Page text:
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February 25, 1999 - Image 1

Resource type:
Text
Publication:
The Michigan Daily, 1999-02-25

Disclaimer: Computer generated plain text may have errors. Read more about this.

One hu ig anrf re
One hundred eikht years of edit r freedom

Weather
Today: Cloudy. High 38. Low 31.
Tomorrow: Mostly cloudy. High 40.

Thursday
February 25, 1999

GEO plans walk-out following break
Lack of contract could provoke GSI strike

By Nick Faizon
Daily Staff Reporter
After four months of contract negotiations
th the University, members of the
aduate Employees Organization voted to
stage a walkout early next month at their
membership meeting yesterday.
Of the 262 members who cast ballots, 209
voted in favor of holding a one-day walkout
March 10 and a half-day walkout March 11 if
a contract settlement is not reached.
The members also voted in favor of hold-
ing an open-ended strike beginning March
15 if the University does not comply with
0O's contract requests by that date.
GEO Secretary Treasurer Sandra Eyster
said the number of GEO members in favor of
"a walkout or strike is proof of the organiza-

tion's dissatisfaction with its current contract.
Eyster added that she hopes the March walk-
out would be powerful enough to convince
the University to compromise with GEO,
consequently avoiding a strike.
"We're going to have to have one hell of a
walkout on the 10th and 11 th," Eyster said.
"We have to let the University know what we
can and will do to get them talking."
GEG Steward Nages Shanmugalingan said
the purpose of a walkout, and if need be, a
strike, would be to end the teaching contribu-
tions of all graduate student instructors,
effectively shutting down the University.
Shanmugalingan added that if GEG were
to go on strike, it would encourage all GSIs,
including those who are not GEG members,
not to teach their discussion sections,

GEO Chief Negotiator Eric -Odier-Fink
said that while a strike is, by no means, the
organization's most desirable option, GEO
officials decided it may be the most effective
tool to make the University respond in con-
tract negotiations.
"The bargaining team feels we need a credi-
ble threat of a strike to get a settlement" Odier-
Fink said. "1 hope the University will move."
Many GEO members expressed their sup-
port for a walkout and a strike yesterday, but
the desire for a job action was not unani-
mous. Rackham second-year student Jason
Aubrey, a mathematics GSI, said he believed
arbitration between GEO and the University
was a better solution.
"Unlike a job action, arbitration would
guarantee that we get nothing worse than

what we have and there is a good chance we
could get more," Aubrey told the crowd of
340. "We should not vote for a job action
since our goals in such an action are not
clearly defined. We do not know what we are
getting into and we do not know under what
conditions a job action would end."
GEO Steward Sylvia -Orduio explained
that the length of the strike would depend on
the University's response to CEO's contract
requests.
"The strike is open-ended because we
don't know how the negotiations are going to
move," Ordufo said. "The last time (GEO)
had a strike was in 1975, so we're going to
have to figure this out along the way."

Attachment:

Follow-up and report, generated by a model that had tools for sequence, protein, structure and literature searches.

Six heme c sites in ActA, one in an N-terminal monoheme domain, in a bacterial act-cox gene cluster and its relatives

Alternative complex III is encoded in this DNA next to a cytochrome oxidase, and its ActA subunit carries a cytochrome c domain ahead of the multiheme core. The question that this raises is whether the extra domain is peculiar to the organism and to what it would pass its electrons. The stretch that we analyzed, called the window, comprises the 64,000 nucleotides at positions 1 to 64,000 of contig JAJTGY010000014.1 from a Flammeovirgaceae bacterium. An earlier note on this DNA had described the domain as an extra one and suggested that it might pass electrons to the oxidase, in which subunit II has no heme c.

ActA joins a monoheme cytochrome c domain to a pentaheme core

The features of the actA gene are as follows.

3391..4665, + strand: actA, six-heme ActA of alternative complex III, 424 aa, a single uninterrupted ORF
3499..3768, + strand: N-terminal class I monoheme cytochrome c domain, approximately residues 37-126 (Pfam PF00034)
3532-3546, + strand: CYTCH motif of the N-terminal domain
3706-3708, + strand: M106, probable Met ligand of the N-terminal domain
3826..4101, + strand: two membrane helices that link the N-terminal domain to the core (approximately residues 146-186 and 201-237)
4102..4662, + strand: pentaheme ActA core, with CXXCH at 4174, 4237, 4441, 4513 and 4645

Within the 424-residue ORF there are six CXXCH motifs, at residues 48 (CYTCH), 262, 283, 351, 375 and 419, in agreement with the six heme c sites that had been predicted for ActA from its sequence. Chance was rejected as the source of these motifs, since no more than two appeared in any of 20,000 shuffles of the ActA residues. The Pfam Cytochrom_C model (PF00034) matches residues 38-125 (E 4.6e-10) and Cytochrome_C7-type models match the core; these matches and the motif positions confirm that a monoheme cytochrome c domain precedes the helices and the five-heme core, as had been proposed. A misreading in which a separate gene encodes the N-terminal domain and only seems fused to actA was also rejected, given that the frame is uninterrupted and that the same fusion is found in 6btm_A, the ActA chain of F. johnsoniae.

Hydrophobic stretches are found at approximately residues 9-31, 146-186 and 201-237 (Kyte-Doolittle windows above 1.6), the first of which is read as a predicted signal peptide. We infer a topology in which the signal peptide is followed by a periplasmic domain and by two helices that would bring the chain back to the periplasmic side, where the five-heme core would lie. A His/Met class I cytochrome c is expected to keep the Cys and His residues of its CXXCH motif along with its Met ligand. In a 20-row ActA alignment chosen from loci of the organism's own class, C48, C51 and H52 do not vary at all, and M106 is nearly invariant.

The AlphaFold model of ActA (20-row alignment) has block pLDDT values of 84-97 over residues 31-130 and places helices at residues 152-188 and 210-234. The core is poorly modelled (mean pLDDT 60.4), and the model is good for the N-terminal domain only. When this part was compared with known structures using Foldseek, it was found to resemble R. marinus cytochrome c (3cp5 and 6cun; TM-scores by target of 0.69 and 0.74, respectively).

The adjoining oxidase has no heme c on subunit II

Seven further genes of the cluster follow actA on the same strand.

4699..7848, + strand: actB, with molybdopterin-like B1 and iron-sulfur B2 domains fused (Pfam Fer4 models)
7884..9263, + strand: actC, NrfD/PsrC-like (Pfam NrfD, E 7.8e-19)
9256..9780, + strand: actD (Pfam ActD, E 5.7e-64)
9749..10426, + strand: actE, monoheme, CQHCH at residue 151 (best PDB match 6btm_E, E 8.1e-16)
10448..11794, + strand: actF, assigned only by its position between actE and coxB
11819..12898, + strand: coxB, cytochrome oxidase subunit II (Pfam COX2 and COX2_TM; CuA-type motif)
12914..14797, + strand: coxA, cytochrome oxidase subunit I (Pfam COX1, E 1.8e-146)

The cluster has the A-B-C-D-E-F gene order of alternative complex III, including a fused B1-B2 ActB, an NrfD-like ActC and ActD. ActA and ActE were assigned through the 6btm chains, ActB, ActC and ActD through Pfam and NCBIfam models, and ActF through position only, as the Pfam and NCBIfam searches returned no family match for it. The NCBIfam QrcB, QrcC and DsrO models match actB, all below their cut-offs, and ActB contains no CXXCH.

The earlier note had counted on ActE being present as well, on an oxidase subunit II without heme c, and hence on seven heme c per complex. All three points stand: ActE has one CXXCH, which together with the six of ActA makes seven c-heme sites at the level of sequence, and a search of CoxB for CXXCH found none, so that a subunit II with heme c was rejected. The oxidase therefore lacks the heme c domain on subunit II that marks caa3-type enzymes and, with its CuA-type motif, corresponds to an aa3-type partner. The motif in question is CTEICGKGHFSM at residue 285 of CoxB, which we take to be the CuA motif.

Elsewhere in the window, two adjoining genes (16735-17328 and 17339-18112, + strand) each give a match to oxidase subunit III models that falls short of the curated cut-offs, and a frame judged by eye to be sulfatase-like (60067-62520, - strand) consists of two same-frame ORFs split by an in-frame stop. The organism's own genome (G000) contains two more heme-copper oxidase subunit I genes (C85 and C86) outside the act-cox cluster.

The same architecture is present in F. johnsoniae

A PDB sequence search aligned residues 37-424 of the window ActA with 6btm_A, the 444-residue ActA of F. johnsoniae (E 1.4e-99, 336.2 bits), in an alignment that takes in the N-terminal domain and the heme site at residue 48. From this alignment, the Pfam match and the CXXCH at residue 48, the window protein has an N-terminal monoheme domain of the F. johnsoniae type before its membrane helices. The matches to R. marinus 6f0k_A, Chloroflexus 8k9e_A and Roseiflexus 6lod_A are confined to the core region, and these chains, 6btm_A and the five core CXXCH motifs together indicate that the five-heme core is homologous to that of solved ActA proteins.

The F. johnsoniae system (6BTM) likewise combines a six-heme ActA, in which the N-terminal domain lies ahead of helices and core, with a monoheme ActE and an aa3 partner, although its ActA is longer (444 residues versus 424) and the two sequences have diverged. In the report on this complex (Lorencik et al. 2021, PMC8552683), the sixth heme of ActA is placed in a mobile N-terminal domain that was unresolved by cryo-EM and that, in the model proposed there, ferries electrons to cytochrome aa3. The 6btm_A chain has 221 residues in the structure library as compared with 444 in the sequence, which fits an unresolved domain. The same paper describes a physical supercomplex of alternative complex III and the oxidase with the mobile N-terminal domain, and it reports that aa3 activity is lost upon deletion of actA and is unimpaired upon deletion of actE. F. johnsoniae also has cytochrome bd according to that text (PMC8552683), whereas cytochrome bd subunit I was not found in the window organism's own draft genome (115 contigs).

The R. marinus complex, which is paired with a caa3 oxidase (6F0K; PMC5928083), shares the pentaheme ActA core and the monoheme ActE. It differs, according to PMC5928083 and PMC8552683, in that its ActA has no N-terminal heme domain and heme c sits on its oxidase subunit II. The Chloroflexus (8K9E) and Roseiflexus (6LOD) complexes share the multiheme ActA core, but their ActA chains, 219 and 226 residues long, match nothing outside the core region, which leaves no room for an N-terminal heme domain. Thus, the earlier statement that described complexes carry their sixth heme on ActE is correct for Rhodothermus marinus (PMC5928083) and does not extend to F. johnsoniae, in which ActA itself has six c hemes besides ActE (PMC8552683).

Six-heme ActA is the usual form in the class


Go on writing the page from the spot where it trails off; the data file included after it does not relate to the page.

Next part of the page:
GEO members staged a two-day walkout
See GEO, Page 2A

DAN U'"ON"LLfDait
Graduate Employees Organization President Eric Dimbach
listens as union members discuss a possible strike at a GEO
membership meeting yesterday Inthe Michigan League.

w

....
I

A DAY
OF
ACTION

Bue pq stirs
conflict as MSA
elections near

Rally dmws
students to

the

Diag

By Sarah Lewis
Daily Staff Reporter
"We won't take resegregation, we want quality
education!"
Dozens of students chanted this slogan as they
marched across the Diag as part of yesterday's
Student and Youth National Day of Action in
defense of affirmative action rally.
"This is a real movement;" said Rackham student
Jessica Curtin, a member of the Coalition to Defend
Affirmative Action By Any Means Necessary.
The rally was a way to support "complete equali-
ty and complete integration of society," said Curtin,
a Michigan Student Assembly representative. She
added that Day of Action participants fought for
equality in areas including K-12 education, employ-
ment and housing.
"That is our goal in defending affirmative action;
she said.
Curtin said about 20 other colleges and universi-
ties nationwide also participated in yesterday's Day
of Action, including the University of California at
Berkeley and the University of Virginia.
Many student group leaders on campus used the
Day of Action as an opportunity to speak about
other ongoing University and international issues,
including the Graduate Employees Organization
negotiations, sweatshop labor and the U.S.
Government sanctions on Iraq.
GEO member Cedric DeLeon said one issue cur-
rently being debated in GEO contract negotiations is
the hiring of "women and people of color" for at least
two terms of teaching and improving training condi-
tions for international graduate student instructors.
"Don't believe for a second that this University is
100 percent pro-affirmative action,' he said, urging
See RALLY, Page 7A

By JewelGopwawi
Daily Staff Reporter
With Michigan Student Assembly
elections less than one month away, a
new party has emerged from the offices
of the MSA and the LSA Student
Government.
The newly found-
ed Blue Party has SA
prompted changes
within the assembly
and could drastical-
ly affect next
month's elections.
Winning numer-
ous seats on MSA after last semester's
elections, the Students' Party gained con-